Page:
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The art of simple travel

After I graduated college almost two decades ago, a friend and I did the prerequisite backpacking-through-Europe thing. I dipped my toes in the waters of Irish pubs and Indian street food, and I left thirsty for more.

Before that, my heart pounded when, for the first time, I walked around a few blocks alone, breathing in the smoky air and icy gray exterior of a Latvia that had just unshackled its Communist chains a few months prior. I was fifteen. That was when I was also spending my Spring Breaks in Mexico border towns, hosting VBS for brown-eyed children and drinking Coca-Cola from dusty-glass ten-ounce bottles.

Eventually, I moved to a tiny dot on the map in war-torn Yugoslavia, met my eventual husband, then married him and had a baby before we moved to Turkey for a bit.

For whatever reason, I can’t seem to stand still for too long (in fact, as I write this I’m on a plane to Frankfurt, headed eventually to Tuscany). I love exploring the great big world, and I also have to routinely check my heart, to make sure i’m not clamoring for adventure just for the sake of adrenaline or escaping the mundane.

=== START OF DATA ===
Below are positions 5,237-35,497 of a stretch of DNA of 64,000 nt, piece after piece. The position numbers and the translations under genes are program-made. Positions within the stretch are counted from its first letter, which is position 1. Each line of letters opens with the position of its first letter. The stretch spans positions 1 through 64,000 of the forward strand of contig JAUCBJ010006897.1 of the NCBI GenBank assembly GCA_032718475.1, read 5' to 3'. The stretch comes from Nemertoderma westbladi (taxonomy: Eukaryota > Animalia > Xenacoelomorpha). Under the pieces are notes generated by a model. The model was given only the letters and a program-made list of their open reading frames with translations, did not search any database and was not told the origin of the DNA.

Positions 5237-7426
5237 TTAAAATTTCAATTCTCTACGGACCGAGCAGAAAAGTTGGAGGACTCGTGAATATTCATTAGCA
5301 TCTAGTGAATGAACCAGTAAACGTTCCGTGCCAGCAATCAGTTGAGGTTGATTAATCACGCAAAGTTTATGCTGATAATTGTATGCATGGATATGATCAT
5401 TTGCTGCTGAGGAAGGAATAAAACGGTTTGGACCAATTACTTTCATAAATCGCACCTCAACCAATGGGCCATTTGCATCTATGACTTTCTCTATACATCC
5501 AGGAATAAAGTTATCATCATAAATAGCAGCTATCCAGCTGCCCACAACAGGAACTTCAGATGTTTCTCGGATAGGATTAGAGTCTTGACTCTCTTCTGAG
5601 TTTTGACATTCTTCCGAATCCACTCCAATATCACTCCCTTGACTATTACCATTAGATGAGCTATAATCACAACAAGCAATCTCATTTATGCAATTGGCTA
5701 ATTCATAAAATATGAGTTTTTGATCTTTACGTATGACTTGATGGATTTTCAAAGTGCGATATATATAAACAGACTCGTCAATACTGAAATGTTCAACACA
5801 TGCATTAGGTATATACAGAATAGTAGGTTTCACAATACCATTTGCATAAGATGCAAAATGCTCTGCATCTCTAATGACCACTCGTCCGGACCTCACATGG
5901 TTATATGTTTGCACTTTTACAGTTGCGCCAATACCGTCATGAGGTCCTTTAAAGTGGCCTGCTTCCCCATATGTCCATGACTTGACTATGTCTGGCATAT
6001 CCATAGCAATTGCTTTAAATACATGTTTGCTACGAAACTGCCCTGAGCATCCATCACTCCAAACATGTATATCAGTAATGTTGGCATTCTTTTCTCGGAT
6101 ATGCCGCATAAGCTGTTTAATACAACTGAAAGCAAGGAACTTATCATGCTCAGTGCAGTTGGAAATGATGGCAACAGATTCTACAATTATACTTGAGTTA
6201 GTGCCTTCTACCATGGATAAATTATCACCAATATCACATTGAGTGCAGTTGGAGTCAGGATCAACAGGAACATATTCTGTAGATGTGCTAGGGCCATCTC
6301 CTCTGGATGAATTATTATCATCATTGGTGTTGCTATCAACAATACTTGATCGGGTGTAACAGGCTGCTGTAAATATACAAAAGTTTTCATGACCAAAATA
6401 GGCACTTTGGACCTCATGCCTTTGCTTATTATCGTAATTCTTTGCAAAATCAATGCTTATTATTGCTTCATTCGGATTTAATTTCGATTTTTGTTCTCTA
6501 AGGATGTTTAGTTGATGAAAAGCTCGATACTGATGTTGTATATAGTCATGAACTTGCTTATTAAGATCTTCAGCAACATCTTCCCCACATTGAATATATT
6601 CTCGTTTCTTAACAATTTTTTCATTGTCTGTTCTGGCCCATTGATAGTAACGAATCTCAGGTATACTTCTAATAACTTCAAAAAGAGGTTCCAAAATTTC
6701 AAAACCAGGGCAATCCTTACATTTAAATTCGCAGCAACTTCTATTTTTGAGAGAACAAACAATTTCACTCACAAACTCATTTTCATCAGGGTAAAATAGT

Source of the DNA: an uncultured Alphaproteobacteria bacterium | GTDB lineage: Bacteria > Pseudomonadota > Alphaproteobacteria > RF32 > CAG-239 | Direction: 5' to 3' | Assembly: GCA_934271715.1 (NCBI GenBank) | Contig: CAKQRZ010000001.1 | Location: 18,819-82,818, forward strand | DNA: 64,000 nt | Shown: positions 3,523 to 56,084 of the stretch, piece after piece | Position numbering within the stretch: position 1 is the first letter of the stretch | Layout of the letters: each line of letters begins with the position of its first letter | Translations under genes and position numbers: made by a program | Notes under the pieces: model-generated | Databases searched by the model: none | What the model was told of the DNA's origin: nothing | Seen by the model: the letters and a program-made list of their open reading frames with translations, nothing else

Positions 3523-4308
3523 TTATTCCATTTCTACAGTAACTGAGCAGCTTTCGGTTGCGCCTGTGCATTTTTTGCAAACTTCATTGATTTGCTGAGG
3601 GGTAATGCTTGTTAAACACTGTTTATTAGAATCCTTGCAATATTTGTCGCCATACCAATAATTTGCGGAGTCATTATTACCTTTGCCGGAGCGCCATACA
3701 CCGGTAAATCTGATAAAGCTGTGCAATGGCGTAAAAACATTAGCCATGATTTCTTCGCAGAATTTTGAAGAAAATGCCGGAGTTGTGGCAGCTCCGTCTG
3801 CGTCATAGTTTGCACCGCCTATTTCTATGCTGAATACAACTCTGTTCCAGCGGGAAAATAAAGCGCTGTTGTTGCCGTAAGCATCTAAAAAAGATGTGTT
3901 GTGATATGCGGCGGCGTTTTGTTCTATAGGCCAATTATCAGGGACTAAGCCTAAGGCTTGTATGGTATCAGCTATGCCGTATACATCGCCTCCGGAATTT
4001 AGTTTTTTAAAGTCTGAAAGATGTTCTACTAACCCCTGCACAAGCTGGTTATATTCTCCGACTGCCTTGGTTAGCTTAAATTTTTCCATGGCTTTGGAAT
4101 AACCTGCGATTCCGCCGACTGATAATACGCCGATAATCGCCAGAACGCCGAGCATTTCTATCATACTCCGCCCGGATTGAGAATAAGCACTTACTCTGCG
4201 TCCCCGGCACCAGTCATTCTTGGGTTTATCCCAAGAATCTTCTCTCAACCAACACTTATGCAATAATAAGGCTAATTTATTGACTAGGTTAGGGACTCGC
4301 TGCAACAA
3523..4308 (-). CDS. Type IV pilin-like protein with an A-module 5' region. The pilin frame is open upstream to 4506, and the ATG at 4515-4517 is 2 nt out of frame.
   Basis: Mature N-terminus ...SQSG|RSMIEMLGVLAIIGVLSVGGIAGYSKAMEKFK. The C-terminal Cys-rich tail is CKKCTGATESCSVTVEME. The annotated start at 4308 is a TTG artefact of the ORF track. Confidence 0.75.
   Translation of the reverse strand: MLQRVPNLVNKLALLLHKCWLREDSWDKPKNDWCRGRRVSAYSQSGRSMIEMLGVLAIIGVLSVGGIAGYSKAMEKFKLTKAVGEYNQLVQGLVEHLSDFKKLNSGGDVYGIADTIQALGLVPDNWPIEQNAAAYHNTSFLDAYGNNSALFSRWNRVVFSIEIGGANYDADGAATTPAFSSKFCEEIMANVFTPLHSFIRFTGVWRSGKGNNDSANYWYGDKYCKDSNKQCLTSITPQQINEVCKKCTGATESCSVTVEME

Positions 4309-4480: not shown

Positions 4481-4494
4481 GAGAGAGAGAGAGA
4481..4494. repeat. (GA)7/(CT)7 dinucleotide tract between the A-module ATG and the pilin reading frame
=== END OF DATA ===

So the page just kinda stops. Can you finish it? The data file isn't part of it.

I travel—we travel, as a family—to remember that the world is so, so much bigger than us. To risk discomfort and sore legs from cramped airplanes in order to taste, see, and smell that which can only truly be experienced in the flesh. We travel, much like reading, to know we’re not alone.

And we’re mostly regular people (mostly). We adjust our budget and our priorities so we can drink up the world, which means saying no to an awful lot. We don’t travel nearly as much as we like because we want to be responsible parents and provide our brood with things like food, electricity, and a splash of stability.


"I travel not to go anywhere, but to go. I travel for travel's sake. The great affair is to move." -Robert Louis Stevenson

We live simply so that we can travel. We travel to further deepen our simple lifestyle. They’re yin and yang, salt and pepper, that perfect glass of wine paired a smudge of brie on crusty bread. Both enhance each other.

As you know, our clan of five is headed out in just a few months on a long-awaited round-the-world trip (first stop: China). We’ll continue to live and work and learn in some ways like we do here, running this site and living a familial liturgy. But on the road, we’ll also partner with non-profits, expose our kids to the tapestry of taste and colors, and go where the wind takes us.


Reading Time:

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